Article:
Take a good look at the above picture. It is the celebration of Ambedkar Jayanti in a school. The male teacher is probably announcing something about Babasaheb Bhimrao Ambedkar’s life and two lady teachers have decorated the picture and the table with flowers and a garland. But there is a glaring mistake in the photo. No, the photo does not show Babasaheb Ambedkar but Netaji Subhash Chandra Bose.

Now think for one minute why this must have happened. Is it the fault of the teachers alone? Will the children grow up knowing about Babasaheb Ambedkar properly? Twenty years down the line, when one of these children grows up to become a teacher, will he/she be able to garland the photo of the correct person or will he/she continue to think that there is no difference between Netaji and Babasaheb?

To answer any of these questions, it is important to know the four underlying reasons for this.

  1. Incomplete history books

Anyone having a cursory look at the history books will observe some glaring facts:

  • Other than Mahatma Gandhi and Jawaharlal Nehru, very few of our freedom fighters are credited for the freedom struggle. Leaders like Lal, Bal, Pal, Azad, Rajguru, Sukhdeo, Veer Savarkar, Jyotiba Phule, Sarojini Naidu, and so many more are just glossed over. How many children or teachers know about Sarojini Naidu’s contribution (She was the first Indian Woman President of INC) or why she was called the Nightingale of India?
  • It has been found that not even one percent of the population knows about Pandit Madan Mohan Malaviya or Rajaji or how any of our great Educational Institutions were built. Do we even teach about how Vishweshwaraiya built the largest reservoir/dam of Asia, immediately after Independence, which is still as good as new?
  • 4000 odd years of rule by original inhabitants of India is just glossed over but 400 years of rule by invaders is taught about more.
  • Indian students are probably taught more about Pakistan than about Mizoram or any of our own North Eastern States.

Such a sad state of affairs! So then, how does one expect the teachers to know about these leaders when they themselves have not learnt about them? How will we have pride in our country if we don’t know anything about our country at all? 

  1. Non-existent refresher training of teachers

While the good private schools send their teachers for refresher training every year, the smaller private schools, government aided schools and the government schools have no scope for such training at all. Yes in some government aided schools it is there, but it is not regular or mandatory. Many of the schools have such sessions on paper, but actually do not conduct refresher courses at all. Indian History books still teach the Aryan Invasion Theory which is now disproved, the geography books still talk about textile mills in Mumbai and the Arithmetic books don’t even mention Indian Mathematicians. Changes like this are necessary and teachers have to be trained about these changes. Also, teachers could get bored of teaching the same thing again and again, and they do need to attend training camps where they could learn newer methods of teaching. 

  1. Selection of teachers

One of the biggest problems we are facing is the selection of teachers on merit. Certain professions like teaching, judiciary, and medicine cannot and should not have selections based on caste or religion. This is because these are the professions on which the progress, health, prosperity and justice of the nation depends. So these professions have to be based only on merit. Another thing is that many people get into this profession not because of a love of teaching, but because they have not succeeded in getting into other professions. So we are not able to get the cream of society as teachers at all. This is not at all how it should be. Teacher should get the pride and prestige that they deserve, and also the salary they deserve. In many places, teachers work for just Rs.5,000 or less a month. This is not the salary that they deserve for the work they do.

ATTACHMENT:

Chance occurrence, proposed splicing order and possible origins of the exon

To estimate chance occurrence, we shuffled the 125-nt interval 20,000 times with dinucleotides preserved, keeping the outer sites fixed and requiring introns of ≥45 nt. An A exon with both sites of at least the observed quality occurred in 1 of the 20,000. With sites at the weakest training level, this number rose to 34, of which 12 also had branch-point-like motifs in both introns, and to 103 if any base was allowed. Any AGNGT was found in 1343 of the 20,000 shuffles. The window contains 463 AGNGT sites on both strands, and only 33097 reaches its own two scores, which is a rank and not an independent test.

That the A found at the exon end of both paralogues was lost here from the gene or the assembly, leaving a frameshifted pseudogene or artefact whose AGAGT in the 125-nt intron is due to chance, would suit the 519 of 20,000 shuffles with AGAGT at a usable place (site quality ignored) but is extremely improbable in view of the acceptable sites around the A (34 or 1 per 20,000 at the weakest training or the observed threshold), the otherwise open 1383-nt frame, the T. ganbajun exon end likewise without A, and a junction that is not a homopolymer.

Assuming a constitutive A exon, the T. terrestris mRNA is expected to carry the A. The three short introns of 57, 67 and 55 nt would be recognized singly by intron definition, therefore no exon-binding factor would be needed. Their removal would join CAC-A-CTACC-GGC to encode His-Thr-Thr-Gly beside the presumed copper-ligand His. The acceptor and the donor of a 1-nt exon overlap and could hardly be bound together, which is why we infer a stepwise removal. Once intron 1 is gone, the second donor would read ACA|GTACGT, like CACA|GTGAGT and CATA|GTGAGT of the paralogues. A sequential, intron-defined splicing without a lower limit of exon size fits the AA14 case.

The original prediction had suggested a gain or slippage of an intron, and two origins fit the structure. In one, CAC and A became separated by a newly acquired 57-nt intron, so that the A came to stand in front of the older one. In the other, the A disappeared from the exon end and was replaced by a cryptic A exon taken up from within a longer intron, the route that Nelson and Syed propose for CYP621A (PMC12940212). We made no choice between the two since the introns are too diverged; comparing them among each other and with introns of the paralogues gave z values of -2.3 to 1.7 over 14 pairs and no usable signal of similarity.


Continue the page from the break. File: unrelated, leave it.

1. Wrong educational method

It is widely observed that children today just want to finish with their homework and scrape through exams. They have no love for the subject they are learning, nor do they try to be accomplished in any subject. Even the good students, the studious ones and the capable ones are just in it for the marks. If one were to listen to the children talk just before their exam, one would be surprised to hear them say for example, “Write the address properly – you will get 2 marks, write the salutation properly – you will get ½ marks, write the date – you will get ½ marks” … is this the way one learns to write a letter? By learning any subject in this manner, all they learn is to repeat instructions or lines from the text books word-to-word, but they have neither grasped the matter, nor do they love it. Imagine such children becoming the teachers of the next generation. What will they teach and what direction will education take in the future? India was once a country which prided itself on its knowledge and research skills. There is nothing that we had not discovered or presented to the world … we knew about atoms (Anu and Paramaanu) before people even discovered the microscopes. And now there is nothing that we can seem to build without foreign help. How did we come to this? 

A deep introspection of our methods of teaching is required. The whole system of teaching in most schools is based on making the child hate studies instead of loving it. The Government must work towards making a massive change in this system of education, its biased books and untrained teachers. We owe it to the present as well as the future generations.